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Old 06-13-2013, 04:35 PM   #1
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How to make sprouted bread lighter?

Hello, I'm experimenting with sprouted grain bread. With no flour at all.

I get pretty nice results, but allways kind of gummy and compact bread, even using yeast it rises not enough to make it lighter.

Does anybody know a way to make this bread lighter using yeast but not gluten or flour?

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Old 06-13-2013, 07:58 PM   #2
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Welcome to DC! Sorry, I'm of no help, but we have some great gluten free bakers who hang here.
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Old 06-14-2013, 10:18 AM   #3
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Martin, How about you start with posting the recipe first, so we know what you are dealing with.
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Old 06-14-2013, 11:03 AM   #4
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Martin, How about you start with posting the recipe first, so we know what you are dealing with.
I've been trying come variations, but as a basic recipe I use P. Reinhart's:

Sprouted weath grinded (not dryed) 100%
Salt 1,3%
Inst. Yeast: 1%
Sugar: 4%
Water: 16,6% (I don't use water, grinded wheat is more than enough I thing)

After grinding and mixing ingredients I treat it like any other bread, kneading, bulk proofing, form, final proof and oven I did a lot of testing, the best I achieved was with very hot in the begining (230c) over the stone, covered like in the duth oven method in order to trap more steam and improve oven spring.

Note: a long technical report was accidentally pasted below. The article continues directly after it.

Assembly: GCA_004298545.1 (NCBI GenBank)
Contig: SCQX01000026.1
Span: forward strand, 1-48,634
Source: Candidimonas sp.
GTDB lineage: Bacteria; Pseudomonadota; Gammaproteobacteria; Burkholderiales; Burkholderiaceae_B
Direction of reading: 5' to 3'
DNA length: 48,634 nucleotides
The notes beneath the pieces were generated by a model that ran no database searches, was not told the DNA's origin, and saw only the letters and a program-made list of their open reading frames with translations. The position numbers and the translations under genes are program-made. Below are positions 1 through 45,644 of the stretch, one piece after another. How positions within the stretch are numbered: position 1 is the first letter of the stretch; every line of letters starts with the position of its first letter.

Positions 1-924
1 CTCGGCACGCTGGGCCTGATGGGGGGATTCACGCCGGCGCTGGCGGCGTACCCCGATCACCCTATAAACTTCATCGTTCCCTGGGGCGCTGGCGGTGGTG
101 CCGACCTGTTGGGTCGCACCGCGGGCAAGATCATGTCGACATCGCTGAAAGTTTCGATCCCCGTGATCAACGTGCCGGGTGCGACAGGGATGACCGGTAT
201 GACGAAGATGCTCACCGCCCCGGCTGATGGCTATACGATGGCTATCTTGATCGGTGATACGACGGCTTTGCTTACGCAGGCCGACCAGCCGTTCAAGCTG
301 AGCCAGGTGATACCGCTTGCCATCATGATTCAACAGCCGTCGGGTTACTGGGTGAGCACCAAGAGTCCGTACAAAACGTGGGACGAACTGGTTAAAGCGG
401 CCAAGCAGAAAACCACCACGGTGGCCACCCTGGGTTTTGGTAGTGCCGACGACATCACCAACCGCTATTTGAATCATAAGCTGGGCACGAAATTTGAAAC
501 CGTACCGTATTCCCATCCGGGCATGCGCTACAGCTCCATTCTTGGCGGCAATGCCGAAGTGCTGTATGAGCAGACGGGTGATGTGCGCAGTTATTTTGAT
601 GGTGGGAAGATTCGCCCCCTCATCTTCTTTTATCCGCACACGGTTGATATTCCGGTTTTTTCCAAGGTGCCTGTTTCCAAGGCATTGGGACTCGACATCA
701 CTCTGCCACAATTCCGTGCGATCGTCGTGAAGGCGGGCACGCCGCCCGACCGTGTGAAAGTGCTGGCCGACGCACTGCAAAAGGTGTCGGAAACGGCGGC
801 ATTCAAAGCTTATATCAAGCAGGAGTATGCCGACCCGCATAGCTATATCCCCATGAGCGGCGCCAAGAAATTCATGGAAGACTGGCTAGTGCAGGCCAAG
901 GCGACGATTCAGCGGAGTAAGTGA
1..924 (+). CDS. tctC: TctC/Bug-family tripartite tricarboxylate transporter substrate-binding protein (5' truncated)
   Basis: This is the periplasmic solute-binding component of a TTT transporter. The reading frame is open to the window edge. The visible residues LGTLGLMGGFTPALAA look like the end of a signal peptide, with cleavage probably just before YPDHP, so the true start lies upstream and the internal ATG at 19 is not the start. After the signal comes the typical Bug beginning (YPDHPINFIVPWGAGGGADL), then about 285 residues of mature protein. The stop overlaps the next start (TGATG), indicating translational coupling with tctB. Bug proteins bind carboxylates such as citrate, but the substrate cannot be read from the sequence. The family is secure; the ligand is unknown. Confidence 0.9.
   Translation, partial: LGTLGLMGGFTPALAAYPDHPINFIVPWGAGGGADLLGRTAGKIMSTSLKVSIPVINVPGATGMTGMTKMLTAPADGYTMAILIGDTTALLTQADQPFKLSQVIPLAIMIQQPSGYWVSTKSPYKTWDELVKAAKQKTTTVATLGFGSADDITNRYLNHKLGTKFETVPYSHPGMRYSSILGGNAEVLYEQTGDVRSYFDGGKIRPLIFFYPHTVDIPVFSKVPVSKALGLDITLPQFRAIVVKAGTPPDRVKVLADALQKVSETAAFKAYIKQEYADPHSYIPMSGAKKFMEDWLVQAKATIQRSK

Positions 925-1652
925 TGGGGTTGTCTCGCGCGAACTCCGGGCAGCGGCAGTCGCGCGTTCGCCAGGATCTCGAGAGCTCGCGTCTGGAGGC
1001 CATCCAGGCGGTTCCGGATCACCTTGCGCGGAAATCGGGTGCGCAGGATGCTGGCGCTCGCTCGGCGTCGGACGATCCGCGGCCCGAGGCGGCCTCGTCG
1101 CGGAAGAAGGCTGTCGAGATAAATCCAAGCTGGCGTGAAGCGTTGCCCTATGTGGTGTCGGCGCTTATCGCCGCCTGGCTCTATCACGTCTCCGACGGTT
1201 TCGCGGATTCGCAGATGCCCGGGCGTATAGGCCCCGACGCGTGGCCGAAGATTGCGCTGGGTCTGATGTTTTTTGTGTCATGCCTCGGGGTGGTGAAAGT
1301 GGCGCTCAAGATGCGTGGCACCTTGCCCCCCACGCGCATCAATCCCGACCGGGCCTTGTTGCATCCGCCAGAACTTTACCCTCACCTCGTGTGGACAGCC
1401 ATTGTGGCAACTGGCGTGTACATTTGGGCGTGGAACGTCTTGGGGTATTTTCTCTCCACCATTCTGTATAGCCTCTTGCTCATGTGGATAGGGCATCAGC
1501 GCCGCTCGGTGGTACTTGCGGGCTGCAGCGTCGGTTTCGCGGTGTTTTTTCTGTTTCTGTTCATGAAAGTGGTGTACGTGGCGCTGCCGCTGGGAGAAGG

I proof ussualy for 1 hour and for final 45min. I'm afraid that more time will make the loaf collapse because of a weak gluten structure).

It is also very chewi, would be nice to make it a less chewi (if Im not asking too much! )

Thank you and sorry for my english
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Old 06-14-2013, 11:19 AM   #5
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After a bit of research, I am wondering about a couple of things.
Did you let it cool completely before slicing?

The King Arthur Flour website recipe had this advice:
*You'll need to use 1 to 2 tablespoons less water in summer and 1 to 2 tablespoons more water in winter.
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Old 06-14-2013, 08:26 PM   #6
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After a bit of research, I am wondering about a couple of things.
Did you let it cool completely before slicing?

The King Arthur Flour website recipe had this advice:
*You'll need to use 1 to 2 tablespoons less water in summer and 1 to 2 tablespoons more water in winter.
Thank you Hoot. That chewi texture is due to enzime activity as far as I know, not because of being cut when hot. I let it cool.

Regarding water, I dont even use any water, the grain mash is so wet I don't think I need it.
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